Bullying at school can
often be things like name-calling, hitting, pushing and stealing
someone's belongings. It also includes stuff that’s less visible,
like sending nasty texts or spreading false rumours about
People get picked on for
lots of reasons. Being bullied can make you dread going to school
and can also make you feel depressed, lonely or even suicidal.
If you're being bullied,
you're not alone - every seven seconds another young person in
Britain is going through it too. You might feel that there's no way
out, but there are lots of ways to get help. Remember, it's not
your fault and you have the right to live without being
What to look for:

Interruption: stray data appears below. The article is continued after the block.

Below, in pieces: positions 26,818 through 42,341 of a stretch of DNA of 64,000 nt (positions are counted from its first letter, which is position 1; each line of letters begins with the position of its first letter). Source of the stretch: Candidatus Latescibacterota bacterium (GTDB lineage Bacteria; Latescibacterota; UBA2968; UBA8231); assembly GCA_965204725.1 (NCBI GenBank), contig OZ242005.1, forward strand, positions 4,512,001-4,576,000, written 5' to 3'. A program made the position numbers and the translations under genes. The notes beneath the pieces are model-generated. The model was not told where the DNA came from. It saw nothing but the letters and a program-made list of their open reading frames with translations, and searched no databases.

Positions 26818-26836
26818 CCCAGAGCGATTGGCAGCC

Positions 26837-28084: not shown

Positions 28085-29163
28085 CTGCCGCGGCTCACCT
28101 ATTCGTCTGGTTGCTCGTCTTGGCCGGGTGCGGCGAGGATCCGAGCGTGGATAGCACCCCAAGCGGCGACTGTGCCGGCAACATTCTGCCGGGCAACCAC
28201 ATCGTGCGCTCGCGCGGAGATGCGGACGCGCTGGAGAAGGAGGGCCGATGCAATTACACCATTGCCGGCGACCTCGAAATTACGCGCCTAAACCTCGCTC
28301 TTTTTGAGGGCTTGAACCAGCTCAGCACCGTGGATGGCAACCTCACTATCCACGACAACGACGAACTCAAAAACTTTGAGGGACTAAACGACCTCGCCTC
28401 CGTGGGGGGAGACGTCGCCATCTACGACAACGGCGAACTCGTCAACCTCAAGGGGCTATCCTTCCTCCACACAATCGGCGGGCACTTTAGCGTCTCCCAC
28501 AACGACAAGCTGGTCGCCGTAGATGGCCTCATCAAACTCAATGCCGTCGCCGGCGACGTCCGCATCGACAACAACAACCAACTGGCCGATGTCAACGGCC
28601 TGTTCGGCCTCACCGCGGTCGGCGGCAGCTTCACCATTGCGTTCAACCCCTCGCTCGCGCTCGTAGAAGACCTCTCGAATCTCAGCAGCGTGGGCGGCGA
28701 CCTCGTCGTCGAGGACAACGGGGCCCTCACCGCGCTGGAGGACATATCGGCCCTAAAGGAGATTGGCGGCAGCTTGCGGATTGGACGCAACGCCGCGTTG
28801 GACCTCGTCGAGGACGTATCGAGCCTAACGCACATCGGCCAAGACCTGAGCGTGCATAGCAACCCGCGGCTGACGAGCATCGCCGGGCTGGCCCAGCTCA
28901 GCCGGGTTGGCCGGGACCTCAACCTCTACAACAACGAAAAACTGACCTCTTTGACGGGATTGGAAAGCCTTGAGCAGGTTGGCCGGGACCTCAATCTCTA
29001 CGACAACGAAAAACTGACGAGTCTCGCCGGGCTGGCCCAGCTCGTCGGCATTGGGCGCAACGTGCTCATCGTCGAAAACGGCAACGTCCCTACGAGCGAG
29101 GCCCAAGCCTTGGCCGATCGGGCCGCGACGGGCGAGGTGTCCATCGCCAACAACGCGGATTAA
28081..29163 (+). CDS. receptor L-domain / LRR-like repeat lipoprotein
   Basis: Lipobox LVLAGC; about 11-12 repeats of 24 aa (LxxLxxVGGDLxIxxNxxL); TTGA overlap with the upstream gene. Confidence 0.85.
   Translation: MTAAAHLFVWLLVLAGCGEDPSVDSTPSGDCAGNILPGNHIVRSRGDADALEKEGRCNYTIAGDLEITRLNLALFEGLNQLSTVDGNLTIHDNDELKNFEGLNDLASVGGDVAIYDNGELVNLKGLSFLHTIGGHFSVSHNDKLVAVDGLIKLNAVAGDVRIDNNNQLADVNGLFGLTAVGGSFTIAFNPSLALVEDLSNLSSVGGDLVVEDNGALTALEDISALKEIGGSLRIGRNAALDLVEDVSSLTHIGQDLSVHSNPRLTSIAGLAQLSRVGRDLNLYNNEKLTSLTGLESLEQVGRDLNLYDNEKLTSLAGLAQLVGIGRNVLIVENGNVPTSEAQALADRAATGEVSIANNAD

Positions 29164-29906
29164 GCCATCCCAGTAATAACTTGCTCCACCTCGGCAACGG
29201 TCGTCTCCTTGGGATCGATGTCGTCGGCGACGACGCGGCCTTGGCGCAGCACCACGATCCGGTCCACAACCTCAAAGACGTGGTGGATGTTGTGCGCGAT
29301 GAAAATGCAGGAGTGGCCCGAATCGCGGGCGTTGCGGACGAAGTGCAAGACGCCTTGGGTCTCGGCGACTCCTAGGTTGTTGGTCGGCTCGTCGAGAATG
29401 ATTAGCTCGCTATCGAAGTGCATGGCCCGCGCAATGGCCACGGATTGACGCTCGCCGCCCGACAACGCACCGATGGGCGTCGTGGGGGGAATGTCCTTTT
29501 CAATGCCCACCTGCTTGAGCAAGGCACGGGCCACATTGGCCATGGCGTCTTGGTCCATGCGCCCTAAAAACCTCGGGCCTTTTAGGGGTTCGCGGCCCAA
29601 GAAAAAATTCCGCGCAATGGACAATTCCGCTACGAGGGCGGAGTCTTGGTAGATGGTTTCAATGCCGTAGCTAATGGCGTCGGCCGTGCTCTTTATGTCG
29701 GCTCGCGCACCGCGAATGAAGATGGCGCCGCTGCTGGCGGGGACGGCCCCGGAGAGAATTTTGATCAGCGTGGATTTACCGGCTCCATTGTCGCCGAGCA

Signs of someone being bullied:
- They suddenly become unhappy or
- They start missing school.
- They've got physical injuries they don't want
to talk about.
What to do:
Are you being bullied?
- It probably won't stop until you tell someone
you trust, like a friend, your parents/carers or a teacher
- Act confidently to send out the message that
you're not afraid.
- Stay with others - you're more likely to be
picked on if you're on your own.
- Keep a diary and keep all the text messages
as evidence of what happens. You can use it later to show you're
telling the truth.
Is your friend being bullied?
- Take their worries seriously.
- Stick up for them if you see they're being
- They might want you to be with them when they
tell their parents/carers or a teacher if they're being
Keeping Children and Young People safe is everybodies